Fans of the Toronto Blue Jays who frequent these parts know all too well about Dana Eveland. The soft-tossing lefty started nine games for the Jays in 2010, winning three, losing four, and posting an unimpressive 6.45 ERA. It was so unimpressive that the Jays designated Eveland for assignment and then traded him to the Pittsburgh Pirates. Jays fans, among others, likely lost interest in Eveland’s career after his short stint north of the border.
I’ll catch you up; it won’t take long.
Eveland pitched in three games for the Pirates, who then designated him for assignment. Two DFAs in one season — including one from the Pittsburgh Pirates — is enough to make a guy think it might be time to hang up the cleats. But Eveland kept on plugging, landing with the Dodgers organization in 2011. He pitched most of the season in Triple-A for the Albuquerque Isotopes, starting twenty-five games. His 4.38 ERA was an improvement over his performance in Toronto, as was his 6.25 strikeouts per nine innings. His teammates voted him Isotopes Pitcher of the Year.
When rosters expanded in September, the Dodgers recalled Eveland from Triple-A. He started five games for the boys in blue, going 3-and-2 with a 3.03 ERA. His strikeout rate declined, but so did his walk rate, to a career low of 1.82 walks per nine innings. Apparently, that wasn’t enough for the Dodgers, who shipped Eveland off to the Baltimore Orioles in December in exchange for a minor-league pitcher and outfielder.
The Orioles? That team that eats up and spits out pitchers? Not a good omen for Dana Eveland, pitcher.
But a funny thing happened on the way to the second month of the 2012 baseball season. The Orioles lead the American League East with a record of 27-15. They’ve played eight extra-inning games out of 42, and while they’ve gone 6-2 in those games, that’s a lot of extra work for the bullpen. The starting rotation’s also been hampered by injuries to Jason Hammel and Tommy Hunter. And so on May 11, the Orioles recalled Eveland from Triple-A and asked him to make a spot start against the Tampa Bay Rays. He went six innings, allowing five hits, six walks and three runs. He left with the Rays leading 3-2, but the Orioles rallied to win the game 4-3.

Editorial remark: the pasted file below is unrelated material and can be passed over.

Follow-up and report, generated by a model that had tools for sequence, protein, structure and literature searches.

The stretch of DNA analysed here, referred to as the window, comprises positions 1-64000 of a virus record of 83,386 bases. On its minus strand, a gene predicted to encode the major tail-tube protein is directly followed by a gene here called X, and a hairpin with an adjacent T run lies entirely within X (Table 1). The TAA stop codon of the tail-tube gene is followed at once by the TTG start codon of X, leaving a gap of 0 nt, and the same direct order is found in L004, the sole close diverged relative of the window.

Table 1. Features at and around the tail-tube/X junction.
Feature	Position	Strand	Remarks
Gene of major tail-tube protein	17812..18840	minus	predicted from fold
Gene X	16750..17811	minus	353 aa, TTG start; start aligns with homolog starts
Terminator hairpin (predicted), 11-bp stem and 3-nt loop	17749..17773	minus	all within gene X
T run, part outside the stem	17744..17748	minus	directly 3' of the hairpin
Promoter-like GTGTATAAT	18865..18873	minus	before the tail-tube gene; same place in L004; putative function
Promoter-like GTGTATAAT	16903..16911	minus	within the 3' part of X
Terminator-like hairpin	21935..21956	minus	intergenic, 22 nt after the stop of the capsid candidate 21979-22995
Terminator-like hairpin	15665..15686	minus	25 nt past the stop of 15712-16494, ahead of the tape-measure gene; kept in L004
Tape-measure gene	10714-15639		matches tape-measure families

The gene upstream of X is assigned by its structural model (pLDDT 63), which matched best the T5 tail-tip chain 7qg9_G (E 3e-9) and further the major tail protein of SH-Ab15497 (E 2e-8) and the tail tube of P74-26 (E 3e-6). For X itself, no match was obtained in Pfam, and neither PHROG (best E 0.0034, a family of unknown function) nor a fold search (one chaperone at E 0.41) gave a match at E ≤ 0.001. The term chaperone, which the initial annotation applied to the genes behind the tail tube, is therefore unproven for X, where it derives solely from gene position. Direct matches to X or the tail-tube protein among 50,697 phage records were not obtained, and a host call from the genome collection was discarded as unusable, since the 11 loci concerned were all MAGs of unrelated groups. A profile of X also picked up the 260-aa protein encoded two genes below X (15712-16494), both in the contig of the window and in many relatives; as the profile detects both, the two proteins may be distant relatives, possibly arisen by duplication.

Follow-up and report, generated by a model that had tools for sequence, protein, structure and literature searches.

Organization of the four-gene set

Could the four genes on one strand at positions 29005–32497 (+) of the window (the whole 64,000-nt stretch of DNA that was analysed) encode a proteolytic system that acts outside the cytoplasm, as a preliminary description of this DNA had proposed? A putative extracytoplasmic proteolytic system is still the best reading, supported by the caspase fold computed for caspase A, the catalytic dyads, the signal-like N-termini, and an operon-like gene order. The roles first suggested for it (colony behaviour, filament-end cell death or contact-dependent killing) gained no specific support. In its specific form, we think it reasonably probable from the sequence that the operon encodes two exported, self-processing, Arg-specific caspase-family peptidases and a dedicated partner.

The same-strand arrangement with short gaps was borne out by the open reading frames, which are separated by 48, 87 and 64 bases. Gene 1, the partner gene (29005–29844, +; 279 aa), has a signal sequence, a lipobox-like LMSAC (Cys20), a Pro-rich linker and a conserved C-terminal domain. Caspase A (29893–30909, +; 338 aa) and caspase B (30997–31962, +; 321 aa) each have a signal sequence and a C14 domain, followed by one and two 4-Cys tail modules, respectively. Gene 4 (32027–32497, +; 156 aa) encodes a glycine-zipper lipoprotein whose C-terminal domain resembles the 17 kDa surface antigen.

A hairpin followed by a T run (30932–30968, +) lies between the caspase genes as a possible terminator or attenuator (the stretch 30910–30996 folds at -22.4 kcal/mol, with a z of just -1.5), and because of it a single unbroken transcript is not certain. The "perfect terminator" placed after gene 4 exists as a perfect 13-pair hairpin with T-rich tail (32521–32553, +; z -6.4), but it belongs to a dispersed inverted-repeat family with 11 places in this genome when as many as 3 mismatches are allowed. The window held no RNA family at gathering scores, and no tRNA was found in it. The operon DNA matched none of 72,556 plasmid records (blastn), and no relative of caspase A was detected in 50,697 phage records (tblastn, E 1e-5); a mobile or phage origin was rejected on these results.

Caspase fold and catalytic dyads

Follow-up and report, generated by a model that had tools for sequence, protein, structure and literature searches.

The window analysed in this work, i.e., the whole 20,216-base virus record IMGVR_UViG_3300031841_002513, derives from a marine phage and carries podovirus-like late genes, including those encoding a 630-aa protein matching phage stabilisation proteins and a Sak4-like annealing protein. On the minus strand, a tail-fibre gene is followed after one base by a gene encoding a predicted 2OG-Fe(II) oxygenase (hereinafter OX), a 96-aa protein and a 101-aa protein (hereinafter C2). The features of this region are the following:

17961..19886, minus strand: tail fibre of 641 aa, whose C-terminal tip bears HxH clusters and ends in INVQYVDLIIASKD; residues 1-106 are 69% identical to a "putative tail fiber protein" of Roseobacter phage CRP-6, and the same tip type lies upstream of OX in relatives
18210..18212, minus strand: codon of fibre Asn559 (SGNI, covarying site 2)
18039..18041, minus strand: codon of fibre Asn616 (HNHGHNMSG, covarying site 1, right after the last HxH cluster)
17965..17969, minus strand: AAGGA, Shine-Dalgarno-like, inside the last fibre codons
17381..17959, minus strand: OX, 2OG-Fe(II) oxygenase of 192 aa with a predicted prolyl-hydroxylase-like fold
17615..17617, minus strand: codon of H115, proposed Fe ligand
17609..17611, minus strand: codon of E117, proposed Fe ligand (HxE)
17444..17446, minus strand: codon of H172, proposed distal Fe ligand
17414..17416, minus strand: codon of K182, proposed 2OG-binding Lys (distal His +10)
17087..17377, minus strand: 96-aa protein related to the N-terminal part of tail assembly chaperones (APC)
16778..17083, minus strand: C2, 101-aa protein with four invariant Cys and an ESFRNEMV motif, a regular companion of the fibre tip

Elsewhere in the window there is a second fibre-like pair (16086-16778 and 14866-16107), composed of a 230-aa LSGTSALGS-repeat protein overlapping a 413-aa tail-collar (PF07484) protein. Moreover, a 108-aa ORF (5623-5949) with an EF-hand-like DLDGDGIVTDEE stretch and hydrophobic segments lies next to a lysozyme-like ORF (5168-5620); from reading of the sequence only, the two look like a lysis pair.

With reliever Matt Lindstrom on the disabled list, the Orioles kept Eveland after his spot start, sending him to the bullpen. On Wednesday, in one of the Orioles’ eight extra-inning affairs, Eveland came out of the bullpen and to the rescue, pitching three scoreless innings in the team’s eventual 4-3 victory over the Kansas City Royals in fifteen innings.
In the game, the Royals led 3-1 heading to the top of the ninth. Kansas City’s closer, Jonathan Broxton, took the mound trying to secure the save. He didn’t. The Orioles scored two in the ninth off Wilson Betemit’s solo home run and singles from Chris Davis, Xavier Avery, and J.J. Hardy. And then the scoring stopped. For a long time. Leading to this game graph:
See the boring part in innings 10-12? That’s when Eveland pitched. One hit, no walks, no runs in three innings of work. Adam Jones eventually hit a solo home run in the top of the 15th inning. Orioles closer Jim Johnson pitched a scoreless bottom of the 15th and the Orioles escaped with a 4-3 victory.
With that performance, Eveland’s been tapped as the Orioles’ long reliever. It’s not sexy stuff, but Eveland’s career is long past sexy. But he’s pitching for a team in first place in its division in late May, something Eveland hasn’t experienced since his 2007 season with the Arizona Diamondbacks.
Good for comeback stories. Good for starters-turned-relievers. And good for Dana Eveland, our Impact Index Player of the Week.